moss law provides legal counsel on obtaining and protecting cannabis trademarks.

Develop Your Brand

Trademarks include words, names, symbols, colors, sounds, and smells that help a brand differentiate and distinguish its products or services to consumers.  A trademark helps to protect the time, energy, and resources a business invests in establishing a brand by preventing others from using a confusingly similar mark.  

Unfortunately, the United States Patent and Trademark Office ("USPTO") routinely denies applications associated with cannabis trademarks that directly touch the plant.  There are alternatives such as registering ancillary products or applying for state trademarks.  Cannabusinesses that operate in the cannabis space but do not touch the plant have a track record of success when registering for trademark protection with the USPTO. 



A federally registered trademark provides its owner with a number of protective benefits including:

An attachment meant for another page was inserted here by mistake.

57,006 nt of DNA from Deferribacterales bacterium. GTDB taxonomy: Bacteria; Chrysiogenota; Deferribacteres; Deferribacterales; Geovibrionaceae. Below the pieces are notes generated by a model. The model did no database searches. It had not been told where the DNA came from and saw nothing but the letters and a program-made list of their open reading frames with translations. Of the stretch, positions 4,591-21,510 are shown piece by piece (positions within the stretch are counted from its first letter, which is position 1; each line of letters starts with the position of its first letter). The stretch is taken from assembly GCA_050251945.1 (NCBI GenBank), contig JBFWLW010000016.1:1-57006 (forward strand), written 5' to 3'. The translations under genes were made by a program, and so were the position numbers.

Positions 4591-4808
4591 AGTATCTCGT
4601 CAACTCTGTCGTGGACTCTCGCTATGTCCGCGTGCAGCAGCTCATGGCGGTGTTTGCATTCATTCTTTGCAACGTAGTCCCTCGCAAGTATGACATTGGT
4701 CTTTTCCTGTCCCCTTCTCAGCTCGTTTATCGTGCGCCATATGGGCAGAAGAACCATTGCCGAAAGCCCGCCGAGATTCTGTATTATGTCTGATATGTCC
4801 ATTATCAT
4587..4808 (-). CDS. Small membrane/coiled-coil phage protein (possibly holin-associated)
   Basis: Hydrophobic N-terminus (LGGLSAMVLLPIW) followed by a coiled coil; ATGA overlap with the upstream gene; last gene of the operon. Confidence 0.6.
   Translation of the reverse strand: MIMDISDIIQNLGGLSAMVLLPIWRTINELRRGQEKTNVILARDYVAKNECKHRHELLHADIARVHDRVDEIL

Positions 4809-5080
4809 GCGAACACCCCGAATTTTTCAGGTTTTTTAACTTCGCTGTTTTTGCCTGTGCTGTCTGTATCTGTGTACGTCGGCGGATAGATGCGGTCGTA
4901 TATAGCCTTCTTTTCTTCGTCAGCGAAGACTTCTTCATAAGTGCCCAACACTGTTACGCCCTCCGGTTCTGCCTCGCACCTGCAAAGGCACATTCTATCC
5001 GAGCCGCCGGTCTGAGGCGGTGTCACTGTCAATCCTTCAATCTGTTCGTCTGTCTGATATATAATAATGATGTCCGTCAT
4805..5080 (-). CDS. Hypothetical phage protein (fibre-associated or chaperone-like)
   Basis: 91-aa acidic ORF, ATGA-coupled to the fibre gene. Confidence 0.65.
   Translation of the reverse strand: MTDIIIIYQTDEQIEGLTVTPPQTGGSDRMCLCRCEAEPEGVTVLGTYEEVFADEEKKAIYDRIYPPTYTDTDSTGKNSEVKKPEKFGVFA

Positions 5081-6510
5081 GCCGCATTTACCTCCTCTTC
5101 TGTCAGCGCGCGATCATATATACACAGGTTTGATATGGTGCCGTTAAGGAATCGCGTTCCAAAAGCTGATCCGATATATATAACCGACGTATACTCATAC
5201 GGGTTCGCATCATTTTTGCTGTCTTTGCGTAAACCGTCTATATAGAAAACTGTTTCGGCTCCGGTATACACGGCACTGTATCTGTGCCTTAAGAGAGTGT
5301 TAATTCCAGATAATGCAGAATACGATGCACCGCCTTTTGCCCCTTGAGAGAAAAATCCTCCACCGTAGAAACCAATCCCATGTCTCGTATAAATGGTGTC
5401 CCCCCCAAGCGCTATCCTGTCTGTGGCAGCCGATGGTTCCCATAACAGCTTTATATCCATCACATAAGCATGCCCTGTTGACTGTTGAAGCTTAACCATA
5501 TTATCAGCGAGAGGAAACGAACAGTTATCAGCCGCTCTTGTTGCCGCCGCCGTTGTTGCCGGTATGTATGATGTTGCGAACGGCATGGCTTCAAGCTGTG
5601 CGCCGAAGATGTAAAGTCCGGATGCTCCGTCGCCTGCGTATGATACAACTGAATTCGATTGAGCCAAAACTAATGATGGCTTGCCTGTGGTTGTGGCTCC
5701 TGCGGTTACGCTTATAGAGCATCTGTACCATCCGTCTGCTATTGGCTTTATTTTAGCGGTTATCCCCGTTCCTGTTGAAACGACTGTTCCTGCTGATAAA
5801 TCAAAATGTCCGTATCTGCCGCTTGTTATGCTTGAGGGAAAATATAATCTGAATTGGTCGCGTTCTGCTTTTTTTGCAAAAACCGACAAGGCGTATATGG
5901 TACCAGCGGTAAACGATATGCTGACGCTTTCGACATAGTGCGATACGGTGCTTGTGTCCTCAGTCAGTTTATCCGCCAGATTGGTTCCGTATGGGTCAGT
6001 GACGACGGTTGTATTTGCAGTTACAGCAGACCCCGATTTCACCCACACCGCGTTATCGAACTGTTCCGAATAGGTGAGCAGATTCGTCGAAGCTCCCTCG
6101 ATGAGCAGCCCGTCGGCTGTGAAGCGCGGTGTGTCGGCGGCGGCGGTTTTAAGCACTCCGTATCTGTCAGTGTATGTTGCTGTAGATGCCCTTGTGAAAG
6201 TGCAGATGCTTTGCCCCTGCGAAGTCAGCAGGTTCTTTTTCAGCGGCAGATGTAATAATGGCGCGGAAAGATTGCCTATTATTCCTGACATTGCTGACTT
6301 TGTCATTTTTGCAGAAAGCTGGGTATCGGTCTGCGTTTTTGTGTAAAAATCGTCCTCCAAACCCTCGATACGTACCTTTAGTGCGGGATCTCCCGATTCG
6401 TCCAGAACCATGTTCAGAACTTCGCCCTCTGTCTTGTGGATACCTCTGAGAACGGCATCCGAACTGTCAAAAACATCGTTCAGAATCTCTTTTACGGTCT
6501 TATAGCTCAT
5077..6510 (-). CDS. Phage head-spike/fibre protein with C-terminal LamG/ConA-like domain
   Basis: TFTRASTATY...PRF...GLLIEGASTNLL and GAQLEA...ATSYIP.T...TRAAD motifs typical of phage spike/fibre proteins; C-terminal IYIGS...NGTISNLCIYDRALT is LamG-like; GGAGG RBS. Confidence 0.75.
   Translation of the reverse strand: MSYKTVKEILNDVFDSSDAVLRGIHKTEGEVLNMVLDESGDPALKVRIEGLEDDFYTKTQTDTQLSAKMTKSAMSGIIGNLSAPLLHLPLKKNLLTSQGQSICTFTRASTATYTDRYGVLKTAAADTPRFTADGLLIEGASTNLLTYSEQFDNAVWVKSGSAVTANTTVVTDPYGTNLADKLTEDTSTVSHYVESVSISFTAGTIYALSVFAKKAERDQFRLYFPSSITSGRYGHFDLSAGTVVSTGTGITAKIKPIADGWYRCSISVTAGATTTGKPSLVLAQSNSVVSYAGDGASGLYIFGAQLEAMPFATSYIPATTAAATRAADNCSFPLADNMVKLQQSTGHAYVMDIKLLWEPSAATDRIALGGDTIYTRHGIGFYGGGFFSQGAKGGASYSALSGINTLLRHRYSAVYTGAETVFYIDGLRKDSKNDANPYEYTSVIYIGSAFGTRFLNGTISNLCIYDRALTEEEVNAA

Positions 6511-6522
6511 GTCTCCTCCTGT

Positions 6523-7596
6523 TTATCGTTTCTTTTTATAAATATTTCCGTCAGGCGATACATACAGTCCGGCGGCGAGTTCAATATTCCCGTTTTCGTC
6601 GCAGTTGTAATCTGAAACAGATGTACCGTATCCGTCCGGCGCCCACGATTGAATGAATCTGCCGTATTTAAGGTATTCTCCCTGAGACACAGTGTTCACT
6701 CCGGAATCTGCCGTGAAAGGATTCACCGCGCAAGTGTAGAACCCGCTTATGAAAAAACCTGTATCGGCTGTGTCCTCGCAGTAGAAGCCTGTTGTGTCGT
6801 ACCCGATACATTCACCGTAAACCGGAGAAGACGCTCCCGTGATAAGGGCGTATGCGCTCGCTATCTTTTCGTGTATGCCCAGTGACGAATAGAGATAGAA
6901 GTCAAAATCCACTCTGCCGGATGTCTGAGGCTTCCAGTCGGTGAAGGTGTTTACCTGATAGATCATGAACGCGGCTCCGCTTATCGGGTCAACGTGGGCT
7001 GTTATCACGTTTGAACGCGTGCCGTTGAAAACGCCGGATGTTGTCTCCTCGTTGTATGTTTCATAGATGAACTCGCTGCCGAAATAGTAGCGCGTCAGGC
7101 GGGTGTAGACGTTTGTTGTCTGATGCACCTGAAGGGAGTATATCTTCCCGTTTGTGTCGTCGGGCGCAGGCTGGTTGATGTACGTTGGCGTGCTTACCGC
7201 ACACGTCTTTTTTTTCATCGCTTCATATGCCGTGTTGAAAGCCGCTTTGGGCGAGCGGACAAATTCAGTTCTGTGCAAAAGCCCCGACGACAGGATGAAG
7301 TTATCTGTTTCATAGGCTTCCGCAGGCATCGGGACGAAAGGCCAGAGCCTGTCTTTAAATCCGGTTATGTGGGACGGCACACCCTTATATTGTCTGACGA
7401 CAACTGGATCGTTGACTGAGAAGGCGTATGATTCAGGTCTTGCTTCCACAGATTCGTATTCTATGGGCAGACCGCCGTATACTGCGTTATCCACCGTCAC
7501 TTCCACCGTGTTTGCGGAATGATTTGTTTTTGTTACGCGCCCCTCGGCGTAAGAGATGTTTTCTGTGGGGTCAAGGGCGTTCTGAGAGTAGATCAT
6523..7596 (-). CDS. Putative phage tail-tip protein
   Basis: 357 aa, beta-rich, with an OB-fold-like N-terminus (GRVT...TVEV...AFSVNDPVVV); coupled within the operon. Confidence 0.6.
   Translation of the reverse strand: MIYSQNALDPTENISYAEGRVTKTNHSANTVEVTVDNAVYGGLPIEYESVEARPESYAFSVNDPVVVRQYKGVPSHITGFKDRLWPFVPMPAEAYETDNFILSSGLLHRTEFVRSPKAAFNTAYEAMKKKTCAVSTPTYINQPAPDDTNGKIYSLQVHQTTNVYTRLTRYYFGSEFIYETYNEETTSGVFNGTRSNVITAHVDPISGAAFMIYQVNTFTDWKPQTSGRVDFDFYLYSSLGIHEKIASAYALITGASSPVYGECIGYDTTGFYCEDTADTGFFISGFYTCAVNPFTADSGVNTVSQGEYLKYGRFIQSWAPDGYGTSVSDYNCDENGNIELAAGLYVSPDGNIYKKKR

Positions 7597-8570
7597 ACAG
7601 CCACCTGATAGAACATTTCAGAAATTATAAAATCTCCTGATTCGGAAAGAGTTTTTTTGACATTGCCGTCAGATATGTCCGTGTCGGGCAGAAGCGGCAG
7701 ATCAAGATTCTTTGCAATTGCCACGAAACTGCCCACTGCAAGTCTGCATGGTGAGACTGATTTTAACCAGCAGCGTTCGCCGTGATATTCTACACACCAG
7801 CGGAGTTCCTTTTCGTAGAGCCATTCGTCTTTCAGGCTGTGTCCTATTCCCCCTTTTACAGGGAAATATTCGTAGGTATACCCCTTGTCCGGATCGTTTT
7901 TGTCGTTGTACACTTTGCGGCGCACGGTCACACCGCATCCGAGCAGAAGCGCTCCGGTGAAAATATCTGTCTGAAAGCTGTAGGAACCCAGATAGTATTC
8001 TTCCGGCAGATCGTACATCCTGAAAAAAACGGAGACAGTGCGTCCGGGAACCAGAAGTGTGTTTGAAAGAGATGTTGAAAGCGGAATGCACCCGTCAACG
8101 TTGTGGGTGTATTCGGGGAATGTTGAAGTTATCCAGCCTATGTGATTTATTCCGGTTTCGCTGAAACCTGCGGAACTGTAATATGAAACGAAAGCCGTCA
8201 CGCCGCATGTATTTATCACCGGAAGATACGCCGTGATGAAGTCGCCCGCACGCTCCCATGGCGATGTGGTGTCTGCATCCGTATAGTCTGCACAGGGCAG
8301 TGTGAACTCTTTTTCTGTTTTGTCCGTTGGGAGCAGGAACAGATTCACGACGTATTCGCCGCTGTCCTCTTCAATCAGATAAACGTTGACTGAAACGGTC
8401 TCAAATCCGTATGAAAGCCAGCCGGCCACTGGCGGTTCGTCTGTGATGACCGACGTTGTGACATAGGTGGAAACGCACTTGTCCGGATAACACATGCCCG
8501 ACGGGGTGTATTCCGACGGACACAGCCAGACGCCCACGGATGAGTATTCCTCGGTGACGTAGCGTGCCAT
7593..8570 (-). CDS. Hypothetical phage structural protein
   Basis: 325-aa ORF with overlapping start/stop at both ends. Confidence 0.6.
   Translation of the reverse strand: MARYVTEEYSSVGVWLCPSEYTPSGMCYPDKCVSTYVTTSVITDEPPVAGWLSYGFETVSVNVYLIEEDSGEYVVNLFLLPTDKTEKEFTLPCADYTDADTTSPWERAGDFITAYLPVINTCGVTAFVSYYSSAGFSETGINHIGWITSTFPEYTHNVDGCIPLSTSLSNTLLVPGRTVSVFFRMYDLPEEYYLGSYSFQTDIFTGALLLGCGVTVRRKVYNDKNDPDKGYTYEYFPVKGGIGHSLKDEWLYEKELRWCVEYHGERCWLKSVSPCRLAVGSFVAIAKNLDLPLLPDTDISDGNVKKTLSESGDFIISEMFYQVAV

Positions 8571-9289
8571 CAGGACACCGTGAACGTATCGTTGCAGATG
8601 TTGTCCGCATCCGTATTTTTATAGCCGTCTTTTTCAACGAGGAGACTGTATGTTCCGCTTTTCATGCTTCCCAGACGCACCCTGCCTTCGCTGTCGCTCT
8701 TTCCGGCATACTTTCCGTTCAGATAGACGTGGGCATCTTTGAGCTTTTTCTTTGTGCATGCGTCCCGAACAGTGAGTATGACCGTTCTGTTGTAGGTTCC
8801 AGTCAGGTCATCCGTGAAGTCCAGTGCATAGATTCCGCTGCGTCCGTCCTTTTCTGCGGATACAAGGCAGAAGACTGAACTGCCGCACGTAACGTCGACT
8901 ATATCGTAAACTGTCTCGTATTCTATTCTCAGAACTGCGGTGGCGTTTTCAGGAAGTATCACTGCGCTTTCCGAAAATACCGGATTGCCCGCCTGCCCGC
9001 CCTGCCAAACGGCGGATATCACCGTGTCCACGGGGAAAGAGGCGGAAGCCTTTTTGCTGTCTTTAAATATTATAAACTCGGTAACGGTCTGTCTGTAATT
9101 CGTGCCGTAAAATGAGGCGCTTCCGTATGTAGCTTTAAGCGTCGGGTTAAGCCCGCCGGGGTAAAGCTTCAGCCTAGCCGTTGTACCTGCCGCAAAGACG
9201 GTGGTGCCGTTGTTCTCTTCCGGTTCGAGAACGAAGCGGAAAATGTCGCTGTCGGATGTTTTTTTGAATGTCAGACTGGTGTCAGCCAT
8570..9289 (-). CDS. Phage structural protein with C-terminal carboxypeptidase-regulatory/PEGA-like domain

• Constructive notice to the public of the claim to the mark and a presumption of ownership; 
  • A presumption of the exclusive right to use the mark nationwide in connection with the goods or services specified in the registration; 
  • The ability to use the US registration as a basis for priority registration in other jurisdictions; and
  • The ability to record the US registration with the US Customs Service to prevent importation of infringing goods

Other Types of Intellectual Property 


Copyright covers the rights a creator has in her literary or artistic works including but not limited to music, paintings, books, sculpture, film, and computer code.  A copyright arises at creation and registration is not necessary.  However, registration of a copyright helps protect against infringement.  


Patents cover inventions and grant the patent holder "the right to exclude others from making, using, offering for sale, or selling" the invention in the United States.  Patents typically last for 20 years from the date on which the application was filed. 

Patents are broken into three categories, design, utility, and plant. Plant patents may be granted to anyone who, " invents or discovers and asexually reproduces any distinct and new variety of plant."